Tag Archive for: Chinese Medicine

What Is Holistic Rheumatology?

This is a specialty where we focus on treating pain and inflammation of the musculoskeletal system using natural holistic treatments. In this post we’ll discuss the many holistic solutions to rheumatological diseases such as Fibromyalgia, Rheumatoid Arthritis, Lupus, Chronic Fatigue Syndrome, and more.

Why Do We Have Pain?

Before we talk about how to get you out of pain it’s important to know why we have pain in the first place? Think of a suspension bridge like the Golden Gate Bridge. Tall, red, steel towers, with arching cables spanning the length of the bridge reaching to the steel girders lining the pavement of the road below. This suspension bridge is a great analogy for the way our body is constructed. The steel cables are like our muscles, tendons, and connective tissue and are attached to the large steel supports and the road, which are like our bones. All these must be balanced and even for the bridge to be usable; just like the tissues in our body must be balanced and healthy for all the blood vessels and organs to have clear passage and space to function. If the steel cables of the bridge have uneven tension one side is pulling more than the other, and it would begin to pull the whole bridge up in one spot while another spot would sink. In the short run, if the amount of pulling was small, it may not cause permanent damage, but over time cracks develop and the cables weaken from this imbalanced tension. This must be repaired, or eventually everything will collapse. The same is true with our body, if one area is continually pulled or pushed more than another, the body must adapt or collapse. The way we repair a bridge is by sending in construction crews. The construction crew must be able to easily drive along the road in order to deliver all the necessary equipment to the bridge, then they must block the area they are working on in order to give them space to do their work. In our body the “construction crew” is our immune system and the response and flow of this crew is dependent upon the vessels in our body and a proper inflammatory response. Like the construction crew rushing to the area, our body increases blood flow to an injured area and immune cells infiltrate the spot to break down the damaged tissue and repair it. Like the orange cones and flashing signs blocking the work site, the nerves send a pain signal as a warning to restrict movement in the area and prevent further damage.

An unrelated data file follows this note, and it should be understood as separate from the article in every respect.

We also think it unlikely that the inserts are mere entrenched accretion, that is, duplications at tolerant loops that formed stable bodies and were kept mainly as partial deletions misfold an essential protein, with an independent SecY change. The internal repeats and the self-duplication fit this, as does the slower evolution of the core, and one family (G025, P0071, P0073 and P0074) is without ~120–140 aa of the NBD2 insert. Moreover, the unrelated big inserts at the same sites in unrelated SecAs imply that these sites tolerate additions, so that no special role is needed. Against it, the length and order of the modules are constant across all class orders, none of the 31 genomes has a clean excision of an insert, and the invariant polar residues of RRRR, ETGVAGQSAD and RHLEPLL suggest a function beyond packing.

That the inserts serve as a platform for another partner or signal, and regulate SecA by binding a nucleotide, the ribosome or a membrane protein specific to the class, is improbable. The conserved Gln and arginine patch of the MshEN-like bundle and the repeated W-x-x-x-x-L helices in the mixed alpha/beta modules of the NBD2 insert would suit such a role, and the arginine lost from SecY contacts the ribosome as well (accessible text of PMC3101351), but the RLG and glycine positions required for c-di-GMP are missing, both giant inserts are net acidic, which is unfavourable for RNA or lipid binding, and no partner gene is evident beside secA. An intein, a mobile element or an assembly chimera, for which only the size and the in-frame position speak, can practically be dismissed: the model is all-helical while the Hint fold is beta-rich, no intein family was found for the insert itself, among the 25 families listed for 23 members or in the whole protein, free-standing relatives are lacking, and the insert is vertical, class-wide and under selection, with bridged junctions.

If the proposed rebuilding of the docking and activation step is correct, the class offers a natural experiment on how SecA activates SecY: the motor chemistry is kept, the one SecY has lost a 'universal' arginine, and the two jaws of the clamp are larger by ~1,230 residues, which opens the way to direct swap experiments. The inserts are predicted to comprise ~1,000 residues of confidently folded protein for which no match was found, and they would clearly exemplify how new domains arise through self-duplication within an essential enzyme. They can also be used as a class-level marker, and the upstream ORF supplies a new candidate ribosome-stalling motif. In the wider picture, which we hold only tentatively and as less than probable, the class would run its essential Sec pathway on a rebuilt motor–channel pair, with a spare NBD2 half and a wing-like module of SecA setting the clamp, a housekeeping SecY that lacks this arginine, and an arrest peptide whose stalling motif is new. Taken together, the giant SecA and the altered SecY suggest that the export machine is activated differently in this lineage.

Is Inflammation a Bad Thing?